25.10.2013. PASOS, MEP: Reforming judiciary must be priority for open government efforts
Reforming the judicial system should be the top priority of those advocating for more transparent governments, according to a former Romanian Justice Minster who spoke at PASOS’ annual international conference in Brussels October 17.
“If there is a clean and professional judiciary — at least 70 percent of it — then we can clean all the other sectors,” said Monica Macovei, who now represents Romania in the European Parliament.
Macovei, who is widely credited with helping Romania join the EU by successfully leading efforts to reform its justice system, was speaking at “Wider and Closer,” a PASOS think tanks/policymakers conference held in Brussels October 17. She was a panelist at the conference’s session on “Open Government in South-East Europe and Implications for EU Enlargement Prospects.”
Macovei said judicial systems cannot reform themselves on their own and must be pressured to do so from outside forces. “People don’t like to change, they need to be helped to change, to be pushed to change,” she said.
In Romania, laws that required judges, prosecutors, law enforcement officers, lawmakers and other government officials — a group of nearly 100,000 people — to publicly disclose their assets, income and investments helped clean up the judiciary, Macovei said.
Macovei was joined on the panel by Paul Maassen, Civil Society Co-ordinator of the Open Government Partnership (OGP), a group that provides an international platform for domestic reformers committed to making their governments more open, accountable, and responsive to citizens. Maassen presented information about the organization.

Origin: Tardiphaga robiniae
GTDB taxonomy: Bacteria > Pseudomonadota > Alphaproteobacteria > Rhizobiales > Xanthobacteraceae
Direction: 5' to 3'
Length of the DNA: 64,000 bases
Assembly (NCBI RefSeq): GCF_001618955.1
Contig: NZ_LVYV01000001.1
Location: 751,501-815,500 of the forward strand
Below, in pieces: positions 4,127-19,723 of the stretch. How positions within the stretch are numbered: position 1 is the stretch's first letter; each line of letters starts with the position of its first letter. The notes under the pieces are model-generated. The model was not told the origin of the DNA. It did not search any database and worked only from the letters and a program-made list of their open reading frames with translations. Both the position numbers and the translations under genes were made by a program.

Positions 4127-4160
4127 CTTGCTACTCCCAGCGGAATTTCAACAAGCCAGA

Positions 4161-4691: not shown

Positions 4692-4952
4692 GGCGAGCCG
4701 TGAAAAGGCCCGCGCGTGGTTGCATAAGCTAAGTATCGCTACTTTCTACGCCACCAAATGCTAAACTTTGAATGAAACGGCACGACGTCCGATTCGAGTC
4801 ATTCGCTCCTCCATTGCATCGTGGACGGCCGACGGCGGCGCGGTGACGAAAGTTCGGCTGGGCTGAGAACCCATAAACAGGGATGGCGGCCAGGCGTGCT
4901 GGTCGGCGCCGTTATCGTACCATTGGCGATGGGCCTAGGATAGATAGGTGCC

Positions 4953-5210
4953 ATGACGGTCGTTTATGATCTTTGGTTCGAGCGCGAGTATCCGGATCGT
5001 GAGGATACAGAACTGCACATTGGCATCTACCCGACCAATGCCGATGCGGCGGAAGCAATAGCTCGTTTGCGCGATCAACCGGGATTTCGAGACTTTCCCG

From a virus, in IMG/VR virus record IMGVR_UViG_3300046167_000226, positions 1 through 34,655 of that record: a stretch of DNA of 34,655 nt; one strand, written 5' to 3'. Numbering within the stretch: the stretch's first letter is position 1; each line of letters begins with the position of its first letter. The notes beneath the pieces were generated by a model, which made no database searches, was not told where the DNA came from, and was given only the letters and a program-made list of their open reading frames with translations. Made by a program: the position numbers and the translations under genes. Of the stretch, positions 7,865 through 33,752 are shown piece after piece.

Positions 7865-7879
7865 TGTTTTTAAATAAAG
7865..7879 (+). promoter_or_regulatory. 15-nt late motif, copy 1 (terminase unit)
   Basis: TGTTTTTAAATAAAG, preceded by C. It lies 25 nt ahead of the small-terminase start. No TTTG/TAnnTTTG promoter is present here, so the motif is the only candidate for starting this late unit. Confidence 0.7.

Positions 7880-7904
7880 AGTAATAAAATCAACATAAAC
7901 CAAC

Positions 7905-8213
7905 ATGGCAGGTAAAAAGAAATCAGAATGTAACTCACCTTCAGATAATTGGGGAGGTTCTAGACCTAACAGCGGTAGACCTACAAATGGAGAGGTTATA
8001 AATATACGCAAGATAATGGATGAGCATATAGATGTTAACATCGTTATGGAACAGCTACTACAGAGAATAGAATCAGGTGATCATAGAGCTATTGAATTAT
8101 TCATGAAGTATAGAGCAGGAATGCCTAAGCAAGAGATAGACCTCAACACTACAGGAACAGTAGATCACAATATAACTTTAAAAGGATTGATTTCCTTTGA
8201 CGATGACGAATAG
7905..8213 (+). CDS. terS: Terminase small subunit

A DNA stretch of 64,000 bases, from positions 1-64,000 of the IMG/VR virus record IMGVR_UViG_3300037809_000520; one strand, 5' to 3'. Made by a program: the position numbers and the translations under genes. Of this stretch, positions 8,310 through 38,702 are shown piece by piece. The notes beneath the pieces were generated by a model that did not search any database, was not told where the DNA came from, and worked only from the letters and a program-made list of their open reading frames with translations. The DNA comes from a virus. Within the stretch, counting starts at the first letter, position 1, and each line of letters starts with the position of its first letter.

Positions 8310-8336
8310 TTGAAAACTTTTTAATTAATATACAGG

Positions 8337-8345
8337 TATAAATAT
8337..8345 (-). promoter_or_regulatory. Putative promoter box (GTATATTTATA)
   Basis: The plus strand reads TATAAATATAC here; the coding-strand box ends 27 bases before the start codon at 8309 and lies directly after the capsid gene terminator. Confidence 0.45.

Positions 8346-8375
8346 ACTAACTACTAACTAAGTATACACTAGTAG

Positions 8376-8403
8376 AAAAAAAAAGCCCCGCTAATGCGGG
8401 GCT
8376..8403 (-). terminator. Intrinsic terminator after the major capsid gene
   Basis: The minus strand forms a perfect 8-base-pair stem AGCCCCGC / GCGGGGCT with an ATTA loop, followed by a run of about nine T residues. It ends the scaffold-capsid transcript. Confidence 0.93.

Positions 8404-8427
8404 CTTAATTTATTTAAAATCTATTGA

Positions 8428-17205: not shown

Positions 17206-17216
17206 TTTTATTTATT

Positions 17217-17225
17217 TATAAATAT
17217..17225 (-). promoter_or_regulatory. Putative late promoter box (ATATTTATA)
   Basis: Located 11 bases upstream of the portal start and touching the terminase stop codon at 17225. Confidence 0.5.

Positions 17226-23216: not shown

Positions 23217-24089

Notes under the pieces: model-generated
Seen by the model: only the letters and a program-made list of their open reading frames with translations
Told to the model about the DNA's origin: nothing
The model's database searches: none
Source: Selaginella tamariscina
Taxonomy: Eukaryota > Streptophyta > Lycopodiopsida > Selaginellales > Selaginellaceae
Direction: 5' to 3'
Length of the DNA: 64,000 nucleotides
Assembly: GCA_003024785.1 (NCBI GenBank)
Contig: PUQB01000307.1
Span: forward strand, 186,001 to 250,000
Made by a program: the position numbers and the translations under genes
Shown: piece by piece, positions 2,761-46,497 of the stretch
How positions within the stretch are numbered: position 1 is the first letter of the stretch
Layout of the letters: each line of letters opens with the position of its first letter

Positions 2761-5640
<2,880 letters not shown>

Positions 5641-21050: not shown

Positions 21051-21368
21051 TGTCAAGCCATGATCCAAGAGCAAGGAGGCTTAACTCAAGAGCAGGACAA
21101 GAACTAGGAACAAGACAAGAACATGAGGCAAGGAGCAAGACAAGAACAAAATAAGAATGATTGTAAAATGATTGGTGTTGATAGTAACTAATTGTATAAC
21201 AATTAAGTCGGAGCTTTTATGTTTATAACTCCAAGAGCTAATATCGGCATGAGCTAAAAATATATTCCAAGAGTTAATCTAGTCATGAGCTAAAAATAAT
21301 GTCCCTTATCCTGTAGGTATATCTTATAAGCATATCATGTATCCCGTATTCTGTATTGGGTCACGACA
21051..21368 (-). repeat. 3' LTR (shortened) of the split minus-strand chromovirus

In addition, three experts from PASOS-affiliated organizations working on “Advocacy for Open Government,” an EU-funded PASOS project to encourage governments in the Western Balkans become more transparent, presented reports on the status of the project in their respective countries, and joined an ensuing discussion.
Irina Rizmal, a researcher with the Center for Euro-Atlantic Studies in Belgrade, said her organization is working to unite other Serbian civil society groups in an open government coalition in order to publicize open government activities.
“The adoption of the first action plan didn’t receive a lot of media attention and didn’t receive a lot of public debate either,” she said. “We cannot the expect the government to actually promote this. We need to start the initiative first. We need to inform citizens about what OGP is about because they need to realize that this will help them.”
Fisnik Reçica, a senior researcher with the Riinvest Institute for Development Research in Kosovo, reported on various initiatives between civil society and the Kosovar government to begin adopting open government principles.
Marija Vuksanović, a project manager with the Centre For Democracy and Human Rights in Montenegro, said that while some progress had been made in pressuring the Montenegrin government to become more open, much work remains.
“The cooperation and the participation of CSOs in policymaking and decision-making processes has been also advanced. Now you have NGOs involved in almost all laws and draft laws and strategies proposed by the government,” she said. “However, if you are proposing as a CSO or advocating for something that is actually directly colliding with certain political interests of the government, then you will see that kind of participation is rather a formal one than a substantial one. That is an area we need to work on.”
A video of the full panel session is also available.